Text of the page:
And in the middle of the room...our star, Otis.

He looks like he's pacing himself. He has a bottle of lite beer cradled in the nook of two fingers. He's smiling and eying up the room. Who will be the night's victor?

This is the sneak-peak of a new reality show on WNGB...The Drunk.

The rules are simple. Show up at the party between 8 and 11pm. Then out-drink, out-smile, and out-last the host...Otis.

It is not an easy prospect. Otis has spent years honing a skill of outlasting even the heartiest of partiers. When people try to sneak away, he spots them with an eagle eye, and mouths something derogatory. Bunch of panty-waists.

Otis labors under the misguided notion that as long as the party lasts, the fun will never end. It makes him a fierce competitor.

Several people have challenged our host--our star--in recent years. On a precious few occasions, a couple have actually won the grand prize: A moster hangover and a really confused look from Otis.

Otis is a sick individual. That could be why WNGB is working so hard to lock him into another three year contract.

Viewers love to watch a horror show like The Drunk.

Wednesday, November 13, 2002

Needless and needful

My parents are the consumate Christmas professionals.

My mother can draw an eye-popping Santa Claus. My Dad was Clark Griswold before Chevy Chase ever perfected the art of Christmas decor. Christmas at Mt. Willis was Rockwellian while other homes languished in more Orwellian tones.

Santa Claus never really died. Even in the past decade I've lived away from home, I would always walk back into the Christmas home to find the fruit of countless hours of shopping. Mom and Dad really liked to find good Christmas gifts. It always seemed to bring them a joy that I've never found in giving. Maybe I'm just too selfish.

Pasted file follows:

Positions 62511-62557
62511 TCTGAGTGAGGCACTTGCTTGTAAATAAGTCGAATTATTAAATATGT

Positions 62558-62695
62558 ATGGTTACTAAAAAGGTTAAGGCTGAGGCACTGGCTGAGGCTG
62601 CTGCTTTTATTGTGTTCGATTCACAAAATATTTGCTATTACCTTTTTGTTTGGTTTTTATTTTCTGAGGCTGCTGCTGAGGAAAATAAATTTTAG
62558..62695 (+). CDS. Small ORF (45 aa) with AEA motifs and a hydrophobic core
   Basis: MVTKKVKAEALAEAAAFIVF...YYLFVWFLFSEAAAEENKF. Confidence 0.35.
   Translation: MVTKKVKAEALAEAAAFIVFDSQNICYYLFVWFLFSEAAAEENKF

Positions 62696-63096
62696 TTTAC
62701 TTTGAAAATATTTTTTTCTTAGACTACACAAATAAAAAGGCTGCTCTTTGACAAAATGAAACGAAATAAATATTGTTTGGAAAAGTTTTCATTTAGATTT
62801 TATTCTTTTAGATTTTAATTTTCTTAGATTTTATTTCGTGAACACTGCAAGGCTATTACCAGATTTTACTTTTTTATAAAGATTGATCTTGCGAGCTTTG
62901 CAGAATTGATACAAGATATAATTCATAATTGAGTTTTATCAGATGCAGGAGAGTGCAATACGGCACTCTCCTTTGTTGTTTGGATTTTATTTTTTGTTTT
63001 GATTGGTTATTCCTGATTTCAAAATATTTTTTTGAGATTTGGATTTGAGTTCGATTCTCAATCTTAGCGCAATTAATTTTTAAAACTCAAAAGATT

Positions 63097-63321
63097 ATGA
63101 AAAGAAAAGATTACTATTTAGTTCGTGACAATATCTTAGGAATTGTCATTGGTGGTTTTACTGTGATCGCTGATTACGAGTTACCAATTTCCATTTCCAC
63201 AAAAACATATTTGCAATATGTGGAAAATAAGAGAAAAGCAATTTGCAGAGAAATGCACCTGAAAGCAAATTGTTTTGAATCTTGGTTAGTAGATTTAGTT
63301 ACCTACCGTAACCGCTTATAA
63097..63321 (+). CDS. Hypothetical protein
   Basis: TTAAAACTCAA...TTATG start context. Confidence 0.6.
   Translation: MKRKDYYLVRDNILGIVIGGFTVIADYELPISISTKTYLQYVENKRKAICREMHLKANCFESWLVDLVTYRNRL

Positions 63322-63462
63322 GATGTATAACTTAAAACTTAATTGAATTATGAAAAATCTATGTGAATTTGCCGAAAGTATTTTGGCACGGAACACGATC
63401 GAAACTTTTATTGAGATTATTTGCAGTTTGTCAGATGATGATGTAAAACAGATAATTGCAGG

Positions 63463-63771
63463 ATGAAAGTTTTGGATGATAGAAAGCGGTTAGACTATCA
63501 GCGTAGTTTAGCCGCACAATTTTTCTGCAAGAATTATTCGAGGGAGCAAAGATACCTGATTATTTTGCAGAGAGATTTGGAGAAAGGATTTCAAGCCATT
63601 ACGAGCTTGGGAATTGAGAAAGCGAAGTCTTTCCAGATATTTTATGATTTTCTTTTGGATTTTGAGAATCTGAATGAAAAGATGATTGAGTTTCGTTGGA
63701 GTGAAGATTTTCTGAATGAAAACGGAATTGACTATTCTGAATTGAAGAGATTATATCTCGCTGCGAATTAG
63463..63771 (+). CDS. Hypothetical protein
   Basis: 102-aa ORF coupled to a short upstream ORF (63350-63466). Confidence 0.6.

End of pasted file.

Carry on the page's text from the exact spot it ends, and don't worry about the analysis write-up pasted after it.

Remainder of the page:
In recent years I have come to discover that I need nothing that gifts can offer. It's always nice to get something, but when I need something I usually just go out and buy it. I have conveyed this to my parents, but that has never stopped them from loading me down with gifts every time I go home. It seems giving to their children is they way they give to themselves. They came from nothing and they will live their lives making sure their children will never be able to say, "I came from nothing."

Last week my mom called me, and though she didn't say it out loud, I knew why she was calling.

Two months ago, my dad's dad suffered a major heart attack. My grandpa is in his mid-eighties and according to doctors probably shouldn't have survived. But he did. My family is one big group of survivors and Grandpa Willis is living proof.